Eating Bitterness: China’s Great Urban Migration

April Rabkin reviews Michelle Dammon Loyalka’s new book, ‘Eating Bitterness‘, for the San Francisco Chronicle:

Being a migrant in China is a bit like being an illegal immigrant in California. Essentially, when Chinese people move from the countryside to the city, they leave the benefits of citizenship behind ….
In “Eating Bitterness: Stories From the Front Lines of China’s Great Urban Migration,” Michelle Dammon Loyalka chronicles their inner lives. She chooses eight migrants living in one neighborhood of Xi’an, the city in northwestern China famous for terra-cotta warriors.
What she finds is fascinating: The nanny loves the spoiled toddler she works for more than her own children, who are stuck back in the countryside until they finish school; the knife-sharpening peddler can’t get used to city prices, and impossibly saves three-quarters of his meager income; the innkeeper, returning to her hometown, is preoccupied with keeping her black leather pants clean, next to neighbors washing clothes in the river. She looks down on them and no longer fits in there, but has yet to assimilate to the city. Loyalka writes about people in limbo.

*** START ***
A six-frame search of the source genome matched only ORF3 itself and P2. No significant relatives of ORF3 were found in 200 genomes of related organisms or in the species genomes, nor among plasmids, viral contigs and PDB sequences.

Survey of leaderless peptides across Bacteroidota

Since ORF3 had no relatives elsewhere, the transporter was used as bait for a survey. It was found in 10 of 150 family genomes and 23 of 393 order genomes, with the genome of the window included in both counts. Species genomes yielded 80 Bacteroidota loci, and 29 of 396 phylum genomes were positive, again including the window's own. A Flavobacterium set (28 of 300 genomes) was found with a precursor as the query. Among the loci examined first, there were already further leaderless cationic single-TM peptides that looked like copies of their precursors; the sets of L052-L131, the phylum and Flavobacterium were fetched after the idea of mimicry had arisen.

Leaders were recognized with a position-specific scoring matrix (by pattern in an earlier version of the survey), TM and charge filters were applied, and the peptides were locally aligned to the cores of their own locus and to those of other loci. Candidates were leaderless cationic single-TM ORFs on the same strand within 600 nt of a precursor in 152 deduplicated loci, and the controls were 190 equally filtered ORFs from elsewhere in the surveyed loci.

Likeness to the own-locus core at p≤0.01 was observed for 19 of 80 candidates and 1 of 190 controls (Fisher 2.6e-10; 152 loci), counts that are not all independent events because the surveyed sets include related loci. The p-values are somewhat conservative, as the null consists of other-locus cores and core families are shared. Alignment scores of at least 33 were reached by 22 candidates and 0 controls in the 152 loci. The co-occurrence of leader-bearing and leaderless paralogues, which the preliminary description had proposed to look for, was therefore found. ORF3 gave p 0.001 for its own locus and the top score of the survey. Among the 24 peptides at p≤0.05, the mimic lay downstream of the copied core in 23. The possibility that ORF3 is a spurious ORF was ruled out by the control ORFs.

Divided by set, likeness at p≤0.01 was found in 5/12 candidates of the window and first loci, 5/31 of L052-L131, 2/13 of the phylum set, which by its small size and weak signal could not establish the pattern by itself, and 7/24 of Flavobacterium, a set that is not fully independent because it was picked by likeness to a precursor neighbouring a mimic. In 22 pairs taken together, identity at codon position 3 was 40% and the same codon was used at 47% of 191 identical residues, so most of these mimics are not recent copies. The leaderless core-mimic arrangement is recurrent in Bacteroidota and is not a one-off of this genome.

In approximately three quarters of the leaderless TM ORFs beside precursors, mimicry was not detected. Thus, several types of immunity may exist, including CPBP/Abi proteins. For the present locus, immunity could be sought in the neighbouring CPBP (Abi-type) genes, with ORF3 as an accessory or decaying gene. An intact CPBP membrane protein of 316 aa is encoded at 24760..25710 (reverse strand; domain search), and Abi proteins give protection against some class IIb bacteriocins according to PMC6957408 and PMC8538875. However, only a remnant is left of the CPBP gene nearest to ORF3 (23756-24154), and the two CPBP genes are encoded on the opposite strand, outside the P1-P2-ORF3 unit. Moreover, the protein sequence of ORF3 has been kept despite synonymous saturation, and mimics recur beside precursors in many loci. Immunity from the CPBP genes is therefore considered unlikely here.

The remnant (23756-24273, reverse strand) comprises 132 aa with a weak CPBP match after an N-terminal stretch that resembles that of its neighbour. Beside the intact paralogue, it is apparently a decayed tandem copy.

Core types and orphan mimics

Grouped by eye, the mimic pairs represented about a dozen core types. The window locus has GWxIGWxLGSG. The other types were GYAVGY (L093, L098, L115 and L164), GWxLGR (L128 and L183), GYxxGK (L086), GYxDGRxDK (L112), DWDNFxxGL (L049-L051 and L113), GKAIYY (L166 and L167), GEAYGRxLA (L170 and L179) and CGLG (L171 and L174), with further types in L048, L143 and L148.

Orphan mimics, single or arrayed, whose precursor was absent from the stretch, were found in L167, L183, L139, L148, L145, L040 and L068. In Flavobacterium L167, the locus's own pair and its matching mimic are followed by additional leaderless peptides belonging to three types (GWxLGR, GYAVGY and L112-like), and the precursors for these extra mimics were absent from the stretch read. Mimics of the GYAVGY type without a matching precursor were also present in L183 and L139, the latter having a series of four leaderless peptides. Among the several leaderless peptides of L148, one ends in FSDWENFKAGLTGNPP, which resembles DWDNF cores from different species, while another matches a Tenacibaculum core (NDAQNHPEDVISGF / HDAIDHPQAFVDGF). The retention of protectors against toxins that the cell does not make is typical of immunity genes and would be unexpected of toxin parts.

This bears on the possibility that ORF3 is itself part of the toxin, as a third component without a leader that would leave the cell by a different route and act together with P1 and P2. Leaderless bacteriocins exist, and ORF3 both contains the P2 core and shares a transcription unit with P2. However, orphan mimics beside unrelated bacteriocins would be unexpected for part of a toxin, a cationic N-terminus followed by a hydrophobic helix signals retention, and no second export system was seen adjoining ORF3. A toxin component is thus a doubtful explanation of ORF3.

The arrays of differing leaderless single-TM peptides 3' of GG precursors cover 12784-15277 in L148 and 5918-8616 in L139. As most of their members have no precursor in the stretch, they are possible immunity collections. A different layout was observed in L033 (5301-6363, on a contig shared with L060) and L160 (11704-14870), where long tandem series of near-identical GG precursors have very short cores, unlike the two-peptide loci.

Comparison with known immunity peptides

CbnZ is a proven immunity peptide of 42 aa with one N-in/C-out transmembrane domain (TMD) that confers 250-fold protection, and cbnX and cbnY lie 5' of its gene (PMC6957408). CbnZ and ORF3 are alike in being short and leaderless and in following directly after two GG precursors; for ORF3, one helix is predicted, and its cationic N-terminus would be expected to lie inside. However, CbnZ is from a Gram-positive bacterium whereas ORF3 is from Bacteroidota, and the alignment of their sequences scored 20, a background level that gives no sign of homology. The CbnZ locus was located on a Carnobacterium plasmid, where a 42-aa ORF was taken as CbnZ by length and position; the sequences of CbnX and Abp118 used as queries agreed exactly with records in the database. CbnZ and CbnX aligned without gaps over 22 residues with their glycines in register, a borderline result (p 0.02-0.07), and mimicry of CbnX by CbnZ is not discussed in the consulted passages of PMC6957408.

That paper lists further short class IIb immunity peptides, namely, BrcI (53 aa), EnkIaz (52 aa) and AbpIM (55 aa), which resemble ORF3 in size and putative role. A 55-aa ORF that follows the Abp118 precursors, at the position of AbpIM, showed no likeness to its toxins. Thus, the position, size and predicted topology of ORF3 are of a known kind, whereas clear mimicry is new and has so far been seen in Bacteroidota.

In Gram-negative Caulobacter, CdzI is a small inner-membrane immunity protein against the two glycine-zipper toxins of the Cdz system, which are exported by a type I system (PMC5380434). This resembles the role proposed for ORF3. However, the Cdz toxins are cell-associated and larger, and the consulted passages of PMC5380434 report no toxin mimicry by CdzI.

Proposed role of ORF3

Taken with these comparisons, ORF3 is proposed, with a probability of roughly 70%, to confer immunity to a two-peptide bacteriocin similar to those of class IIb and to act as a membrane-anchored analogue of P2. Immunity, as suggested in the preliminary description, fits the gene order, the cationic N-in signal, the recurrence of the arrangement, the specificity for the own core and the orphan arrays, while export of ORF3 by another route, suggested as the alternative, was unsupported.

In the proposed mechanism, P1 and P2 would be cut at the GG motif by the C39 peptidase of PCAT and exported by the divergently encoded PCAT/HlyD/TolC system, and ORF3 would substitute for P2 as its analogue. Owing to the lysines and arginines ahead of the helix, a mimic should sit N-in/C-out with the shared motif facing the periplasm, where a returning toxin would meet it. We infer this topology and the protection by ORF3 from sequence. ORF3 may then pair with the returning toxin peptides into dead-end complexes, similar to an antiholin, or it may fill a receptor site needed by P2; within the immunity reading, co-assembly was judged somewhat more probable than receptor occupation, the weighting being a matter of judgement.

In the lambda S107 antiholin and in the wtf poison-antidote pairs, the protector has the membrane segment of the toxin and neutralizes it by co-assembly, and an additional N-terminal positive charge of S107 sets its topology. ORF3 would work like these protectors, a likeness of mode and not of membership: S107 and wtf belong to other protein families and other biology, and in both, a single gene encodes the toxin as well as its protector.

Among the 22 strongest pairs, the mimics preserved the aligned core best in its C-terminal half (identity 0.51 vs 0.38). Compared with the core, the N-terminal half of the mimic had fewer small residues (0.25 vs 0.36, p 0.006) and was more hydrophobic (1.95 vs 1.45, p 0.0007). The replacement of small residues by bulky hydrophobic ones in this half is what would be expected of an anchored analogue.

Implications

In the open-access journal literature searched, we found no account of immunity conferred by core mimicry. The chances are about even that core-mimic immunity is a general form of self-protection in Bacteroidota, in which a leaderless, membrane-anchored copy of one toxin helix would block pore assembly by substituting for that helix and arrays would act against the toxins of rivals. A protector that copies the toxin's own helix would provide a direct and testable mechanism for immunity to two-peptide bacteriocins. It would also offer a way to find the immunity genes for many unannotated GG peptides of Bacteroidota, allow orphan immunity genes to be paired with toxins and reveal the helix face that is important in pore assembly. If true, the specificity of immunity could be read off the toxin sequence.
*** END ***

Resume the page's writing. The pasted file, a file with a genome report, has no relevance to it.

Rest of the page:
Jeffrey Wasserstrom discussed the book with Loyalka at The China Beat last month:

JW: Novelists are often asked if they have a favorite fictional character, so I wonder if you have a favorite among the people you profile … as someone to write about? I guess that’s really a way of asking if you have a favorite chapter in the book?
MDL: That’s a tough one. Everyone I talked to had such a different story to tell, and I find each one so compelling in its own way. But if I had to choose a favorite I’d probably pick Chapter 8, “The Big Boss.” It’s about a 32-year old second-grade dropout who’s amassed a small fortune, only

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